Luxembourg: New law on securitization – Global Compliance News
On February 9, 2022, the Luxembourg Parliament adopted the bill amending the Luxembourg law of March 22, 2004 on securitization, as amended (“2004 Act”) governing Luxembourg securitization vehicles (SV) (“Law”).
The law aims to modernize the 2004 law by increasing the flexibility and legal certainty of the Luxembourg regime while ensuring effective protection of investors.
A request for exemption from the second ballot having been filed with the Council of State, the law should come into force in the coming days.
The purpose of this alert is to inform you of the main changes provided for by the Act.
- Setting up the VS
- OAS Funding
- FS Management
New legal forms of companies available
In order to enhance the attractiveness of the Luxembourg securitization framework for private equity and family offices, in addition to the Luxembourg form of public limited company and limited liability company, SVs can take the legal form of partnerships and additional legal person offering tax transparency, namely:
- special limited partnerships (SCSp)
- limited partnerships (SCS)
- general partnerships (SNC)
- simplified joint stock companies (SAS)
They will all be required to draw up and publish annual accounts regardless of the amount of their turnover for SCS and SNC.
New financing possibilities
The SV is now required to issue “financial instruments” instead of “securities”. The latter is more closely understood and has raised a lot of uncertainty especially regarding assimilation with popular German debt securities called “Schuldscheine”. The concept of financial instrument is broader and should be understood as this term is defined in the Luxembourg law of August 5, 2005 on financial guarantee contracts, as amended. In addition, the SV can now use any form of debt instruments as long as the repayable amount depends on the performance of the underlying securitized assets.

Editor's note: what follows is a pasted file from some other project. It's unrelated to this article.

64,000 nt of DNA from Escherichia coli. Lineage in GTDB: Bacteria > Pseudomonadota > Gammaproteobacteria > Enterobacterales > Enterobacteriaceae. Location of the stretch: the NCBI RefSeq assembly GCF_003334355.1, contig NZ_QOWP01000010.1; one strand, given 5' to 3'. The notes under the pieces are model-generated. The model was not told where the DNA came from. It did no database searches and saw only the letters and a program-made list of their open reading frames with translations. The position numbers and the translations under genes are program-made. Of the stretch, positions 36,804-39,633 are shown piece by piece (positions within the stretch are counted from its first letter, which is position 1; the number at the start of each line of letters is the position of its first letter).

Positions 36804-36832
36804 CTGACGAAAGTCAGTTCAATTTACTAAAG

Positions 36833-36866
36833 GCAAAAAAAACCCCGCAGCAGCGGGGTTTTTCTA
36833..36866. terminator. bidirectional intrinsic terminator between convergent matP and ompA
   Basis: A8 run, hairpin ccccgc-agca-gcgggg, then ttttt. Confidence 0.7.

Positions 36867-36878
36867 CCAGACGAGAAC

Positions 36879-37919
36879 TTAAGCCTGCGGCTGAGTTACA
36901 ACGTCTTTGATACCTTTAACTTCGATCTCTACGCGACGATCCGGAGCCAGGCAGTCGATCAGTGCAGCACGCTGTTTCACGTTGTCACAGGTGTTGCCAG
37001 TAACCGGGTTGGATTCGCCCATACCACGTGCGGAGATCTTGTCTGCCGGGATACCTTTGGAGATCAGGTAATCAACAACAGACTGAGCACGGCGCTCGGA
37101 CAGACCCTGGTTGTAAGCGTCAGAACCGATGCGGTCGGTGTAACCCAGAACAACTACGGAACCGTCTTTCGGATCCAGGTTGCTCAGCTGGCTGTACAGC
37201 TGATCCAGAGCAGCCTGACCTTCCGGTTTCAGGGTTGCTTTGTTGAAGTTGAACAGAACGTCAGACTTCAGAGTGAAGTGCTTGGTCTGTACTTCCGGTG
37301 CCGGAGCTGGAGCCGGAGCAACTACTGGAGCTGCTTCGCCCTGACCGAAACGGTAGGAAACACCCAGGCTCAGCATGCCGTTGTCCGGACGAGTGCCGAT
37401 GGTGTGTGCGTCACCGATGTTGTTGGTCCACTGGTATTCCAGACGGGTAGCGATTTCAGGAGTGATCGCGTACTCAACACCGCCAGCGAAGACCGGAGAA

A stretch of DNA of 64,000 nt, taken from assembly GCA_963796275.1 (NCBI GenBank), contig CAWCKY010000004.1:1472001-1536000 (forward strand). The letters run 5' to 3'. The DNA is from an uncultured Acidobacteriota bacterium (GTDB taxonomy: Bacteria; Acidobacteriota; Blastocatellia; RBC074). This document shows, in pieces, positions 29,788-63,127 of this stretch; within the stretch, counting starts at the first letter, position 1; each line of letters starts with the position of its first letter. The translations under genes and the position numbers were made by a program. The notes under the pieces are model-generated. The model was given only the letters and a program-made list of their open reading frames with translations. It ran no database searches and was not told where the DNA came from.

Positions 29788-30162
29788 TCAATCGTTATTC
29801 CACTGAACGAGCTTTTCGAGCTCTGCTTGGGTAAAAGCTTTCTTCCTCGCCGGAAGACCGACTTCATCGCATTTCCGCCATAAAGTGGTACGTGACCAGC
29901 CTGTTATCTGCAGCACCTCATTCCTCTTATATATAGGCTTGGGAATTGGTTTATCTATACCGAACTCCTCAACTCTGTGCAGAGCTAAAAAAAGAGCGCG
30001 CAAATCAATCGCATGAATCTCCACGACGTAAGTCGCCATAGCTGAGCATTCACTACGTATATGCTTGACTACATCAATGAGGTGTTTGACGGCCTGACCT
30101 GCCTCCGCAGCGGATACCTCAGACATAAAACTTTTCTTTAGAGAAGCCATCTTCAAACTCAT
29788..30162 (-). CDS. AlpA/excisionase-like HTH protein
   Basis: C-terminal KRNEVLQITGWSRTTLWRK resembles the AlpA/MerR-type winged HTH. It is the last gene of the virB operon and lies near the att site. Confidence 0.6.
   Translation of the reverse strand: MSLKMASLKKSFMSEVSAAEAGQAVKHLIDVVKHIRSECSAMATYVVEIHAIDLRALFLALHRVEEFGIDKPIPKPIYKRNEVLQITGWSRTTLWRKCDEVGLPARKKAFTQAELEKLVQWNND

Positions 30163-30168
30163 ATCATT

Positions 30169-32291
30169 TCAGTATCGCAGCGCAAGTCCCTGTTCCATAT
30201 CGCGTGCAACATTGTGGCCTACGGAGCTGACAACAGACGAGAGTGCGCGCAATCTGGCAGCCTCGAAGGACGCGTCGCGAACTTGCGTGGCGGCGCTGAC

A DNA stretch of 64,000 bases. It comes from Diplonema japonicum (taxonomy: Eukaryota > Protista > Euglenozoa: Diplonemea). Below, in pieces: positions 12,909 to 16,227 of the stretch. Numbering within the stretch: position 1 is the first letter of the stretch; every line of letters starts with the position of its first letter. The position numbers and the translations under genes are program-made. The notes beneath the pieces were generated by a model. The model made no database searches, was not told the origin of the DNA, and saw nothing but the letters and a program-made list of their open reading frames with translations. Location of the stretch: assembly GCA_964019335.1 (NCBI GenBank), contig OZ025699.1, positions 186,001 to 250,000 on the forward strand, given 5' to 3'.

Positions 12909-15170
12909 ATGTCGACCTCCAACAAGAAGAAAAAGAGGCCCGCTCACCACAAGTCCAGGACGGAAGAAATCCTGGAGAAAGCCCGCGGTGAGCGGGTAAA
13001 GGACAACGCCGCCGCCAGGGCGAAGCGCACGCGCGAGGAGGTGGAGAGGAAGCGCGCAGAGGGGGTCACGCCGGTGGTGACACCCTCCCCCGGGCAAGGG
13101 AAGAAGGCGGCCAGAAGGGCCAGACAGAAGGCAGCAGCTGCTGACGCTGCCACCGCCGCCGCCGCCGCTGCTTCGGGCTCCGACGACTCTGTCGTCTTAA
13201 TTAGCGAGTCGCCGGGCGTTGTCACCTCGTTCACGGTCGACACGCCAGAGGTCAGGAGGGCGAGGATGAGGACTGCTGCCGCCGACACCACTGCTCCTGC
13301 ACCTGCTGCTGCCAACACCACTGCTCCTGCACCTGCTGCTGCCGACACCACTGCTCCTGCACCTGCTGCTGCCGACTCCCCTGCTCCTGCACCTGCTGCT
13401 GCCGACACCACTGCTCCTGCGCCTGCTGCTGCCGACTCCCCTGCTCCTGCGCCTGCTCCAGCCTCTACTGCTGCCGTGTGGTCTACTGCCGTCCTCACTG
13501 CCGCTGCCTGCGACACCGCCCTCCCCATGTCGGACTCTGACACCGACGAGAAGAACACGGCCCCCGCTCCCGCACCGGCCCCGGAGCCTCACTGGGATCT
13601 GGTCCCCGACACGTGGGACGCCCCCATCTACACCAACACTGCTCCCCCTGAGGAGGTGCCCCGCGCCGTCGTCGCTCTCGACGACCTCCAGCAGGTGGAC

New rules for equity-funded sub-funds
All SVs will be able to create separate compartments.
The law clearly stipulates that the treatment and allocation of profits and losses of equity-funded compartments must be carried out on a compartment-by-compartment basis.
The law further provides that the constitutive documents could allow the organization compartment by compartment (i) of the votes of the shareholders on the approval of the annual accounts, (ii) of the distributions of profits and reserves and (iii) of the allocations to the capital social reserve by compartment (rather than at the level of the whole of the SV aggregating all the compartments).
New requirements for securitization funds
The Law specifies that securitization funds must be registered with the Trade and Commerce Register (RCS) of Luxembourg.
Existing securitization funds will benefit from a transitional period of six months to register with the RCS from the date of entry into force of the law.
In practice, this means the following:
- When the securitization fund is liquidated, it must be deregistered from the RCS.
- Securitization funds must draw up and publish annual accounts in accordance with the law of 19 December 2002 on the RCS.
- Securitization funds will be able to issue their securities on the stock exchange.
A. Clear definition of ongoing public issuances of financial instruments